Bad Religion

Bad Religion

Bad Religion

New Maps of Hell


Bad Religion has been woven in and out of my life since I was a wee teen of 14 wearing their logo (the fantastically simple “no cross” design) and pissing off my parents and the teachers at school. Their no-frills melodic punk rock was catchy enough for my young ears, but not so pop friendly to warrant my immediate dismissal. 1993’s Recipe For Hate and the following year’s Stranger Than Fiction were on constant rotation inside the fuscia (“It’s not pink!”) walls of my Dodge Shadow. As the years moved on I moved away from BR, only coming back for a listen here and there for a bit of nostalgia.

Then The Empire Strikes First came out in 2004 and my interests were sparked once more. That album was a fine return to old form, but this – the band’s 14th – release shall find my beloved teenage punk love not only back in my heart but back in my stereo (OK, iPod).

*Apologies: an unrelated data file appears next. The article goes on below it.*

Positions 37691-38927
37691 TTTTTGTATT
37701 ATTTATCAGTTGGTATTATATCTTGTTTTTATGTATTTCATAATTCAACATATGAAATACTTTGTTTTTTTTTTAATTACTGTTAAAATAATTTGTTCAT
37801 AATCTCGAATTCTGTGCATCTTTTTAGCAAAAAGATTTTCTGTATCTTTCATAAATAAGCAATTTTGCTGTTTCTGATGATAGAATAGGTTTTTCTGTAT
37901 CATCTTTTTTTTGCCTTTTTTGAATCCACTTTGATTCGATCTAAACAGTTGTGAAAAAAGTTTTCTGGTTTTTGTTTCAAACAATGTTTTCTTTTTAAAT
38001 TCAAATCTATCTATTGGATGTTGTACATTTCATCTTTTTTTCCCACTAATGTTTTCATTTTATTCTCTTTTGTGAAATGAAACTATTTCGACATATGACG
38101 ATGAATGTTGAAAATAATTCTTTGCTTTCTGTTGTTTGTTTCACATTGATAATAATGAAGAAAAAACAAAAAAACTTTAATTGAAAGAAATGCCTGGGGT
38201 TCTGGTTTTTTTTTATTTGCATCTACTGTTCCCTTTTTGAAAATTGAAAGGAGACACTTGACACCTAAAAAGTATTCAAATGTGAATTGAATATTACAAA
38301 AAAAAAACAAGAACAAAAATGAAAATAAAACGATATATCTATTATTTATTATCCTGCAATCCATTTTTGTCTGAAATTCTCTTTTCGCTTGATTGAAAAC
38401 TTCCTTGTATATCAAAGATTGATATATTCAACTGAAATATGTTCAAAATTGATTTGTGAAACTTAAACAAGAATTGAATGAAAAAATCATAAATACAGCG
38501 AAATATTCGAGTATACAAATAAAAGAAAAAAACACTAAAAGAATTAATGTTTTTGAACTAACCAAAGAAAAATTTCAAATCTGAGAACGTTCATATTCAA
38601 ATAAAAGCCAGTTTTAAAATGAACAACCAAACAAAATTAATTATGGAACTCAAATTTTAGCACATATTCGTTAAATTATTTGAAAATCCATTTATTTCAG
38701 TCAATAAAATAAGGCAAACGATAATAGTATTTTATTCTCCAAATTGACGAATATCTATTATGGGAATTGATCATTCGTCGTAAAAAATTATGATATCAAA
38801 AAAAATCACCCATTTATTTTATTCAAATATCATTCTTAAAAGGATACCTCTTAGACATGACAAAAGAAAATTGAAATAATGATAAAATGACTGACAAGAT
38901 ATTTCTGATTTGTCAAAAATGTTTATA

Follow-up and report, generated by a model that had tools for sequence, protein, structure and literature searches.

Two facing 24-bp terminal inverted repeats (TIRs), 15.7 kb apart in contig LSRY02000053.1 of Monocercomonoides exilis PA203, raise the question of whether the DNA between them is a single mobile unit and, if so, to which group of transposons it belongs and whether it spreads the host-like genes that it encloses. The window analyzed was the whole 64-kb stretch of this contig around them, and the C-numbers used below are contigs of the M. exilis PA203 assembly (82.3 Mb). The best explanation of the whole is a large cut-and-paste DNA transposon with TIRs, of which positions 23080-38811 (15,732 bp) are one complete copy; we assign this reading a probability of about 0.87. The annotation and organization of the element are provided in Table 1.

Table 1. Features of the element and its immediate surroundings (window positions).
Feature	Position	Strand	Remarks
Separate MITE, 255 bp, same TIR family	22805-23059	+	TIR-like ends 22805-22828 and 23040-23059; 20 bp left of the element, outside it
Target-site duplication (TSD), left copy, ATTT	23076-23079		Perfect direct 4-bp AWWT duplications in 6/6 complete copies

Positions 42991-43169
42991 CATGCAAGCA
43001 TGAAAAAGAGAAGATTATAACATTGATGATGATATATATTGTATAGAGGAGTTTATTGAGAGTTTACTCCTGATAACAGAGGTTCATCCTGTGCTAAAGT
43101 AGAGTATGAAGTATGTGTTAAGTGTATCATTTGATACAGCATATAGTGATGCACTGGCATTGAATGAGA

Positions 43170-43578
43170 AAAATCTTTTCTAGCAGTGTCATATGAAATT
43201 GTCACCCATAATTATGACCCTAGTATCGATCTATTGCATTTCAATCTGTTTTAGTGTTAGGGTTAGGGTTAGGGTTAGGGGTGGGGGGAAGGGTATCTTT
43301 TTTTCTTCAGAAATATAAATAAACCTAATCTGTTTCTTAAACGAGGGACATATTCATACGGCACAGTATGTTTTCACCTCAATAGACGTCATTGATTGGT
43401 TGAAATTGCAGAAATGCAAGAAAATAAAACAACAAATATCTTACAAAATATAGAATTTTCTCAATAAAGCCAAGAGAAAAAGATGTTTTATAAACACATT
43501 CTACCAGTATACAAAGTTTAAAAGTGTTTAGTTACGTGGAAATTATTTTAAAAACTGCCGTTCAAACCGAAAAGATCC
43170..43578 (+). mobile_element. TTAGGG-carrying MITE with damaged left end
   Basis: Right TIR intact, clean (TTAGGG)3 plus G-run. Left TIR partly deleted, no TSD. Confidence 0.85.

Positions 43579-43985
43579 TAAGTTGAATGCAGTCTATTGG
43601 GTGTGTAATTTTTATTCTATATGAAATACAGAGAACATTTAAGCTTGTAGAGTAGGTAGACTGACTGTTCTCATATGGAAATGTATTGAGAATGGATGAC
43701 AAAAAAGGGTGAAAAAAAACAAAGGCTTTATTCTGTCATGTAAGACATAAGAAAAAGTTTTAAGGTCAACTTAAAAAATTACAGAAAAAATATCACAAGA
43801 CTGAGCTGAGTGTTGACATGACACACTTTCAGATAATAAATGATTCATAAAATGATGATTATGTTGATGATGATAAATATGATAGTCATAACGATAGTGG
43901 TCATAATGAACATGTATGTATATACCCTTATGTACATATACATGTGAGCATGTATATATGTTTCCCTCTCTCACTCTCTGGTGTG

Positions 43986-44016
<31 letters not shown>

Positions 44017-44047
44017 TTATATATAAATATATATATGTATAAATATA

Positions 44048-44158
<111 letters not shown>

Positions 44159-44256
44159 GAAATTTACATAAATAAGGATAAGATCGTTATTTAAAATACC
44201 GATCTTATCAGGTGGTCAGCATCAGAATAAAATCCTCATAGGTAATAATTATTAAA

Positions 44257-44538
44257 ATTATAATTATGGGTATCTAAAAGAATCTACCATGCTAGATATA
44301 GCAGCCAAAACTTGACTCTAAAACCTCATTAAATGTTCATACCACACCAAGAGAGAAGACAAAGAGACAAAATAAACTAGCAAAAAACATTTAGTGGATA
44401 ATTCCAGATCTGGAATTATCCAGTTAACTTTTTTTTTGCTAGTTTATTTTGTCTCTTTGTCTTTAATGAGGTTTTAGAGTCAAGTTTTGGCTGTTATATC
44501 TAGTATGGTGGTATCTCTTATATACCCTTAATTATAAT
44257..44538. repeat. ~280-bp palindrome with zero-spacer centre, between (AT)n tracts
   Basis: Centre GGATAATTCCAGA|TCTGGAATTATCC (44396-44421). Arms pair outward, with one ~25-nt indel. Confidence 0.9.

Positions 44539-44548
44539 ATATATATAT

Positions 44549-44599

New Maps of Hell sounds like a Bad Religion album, period. Slicked up punk rock by pros who’ve been doing longer than most any band out there, and who refuse to alter their sound to fit trends. Instead of changing, the trends just come in circles back to them and then away again. As emo struggles to catch its last breath and the new generations of street punk are poised to kick in the doors of the mainstream, Bad Religion stand as the forefathers ushering in the new breed. As if to prove this, they are the headliners of this summer’s Warped Tour. Frontman Greg Graffin teaches life science at UCLA, a professor – a distinguished man of – who summers as the top dog on punk’s premiere touring festival.

Songs you should spend the next month memorizing are “Germs of Perfections,” “Honest Goodbye” and “Requiem For Dissent.”

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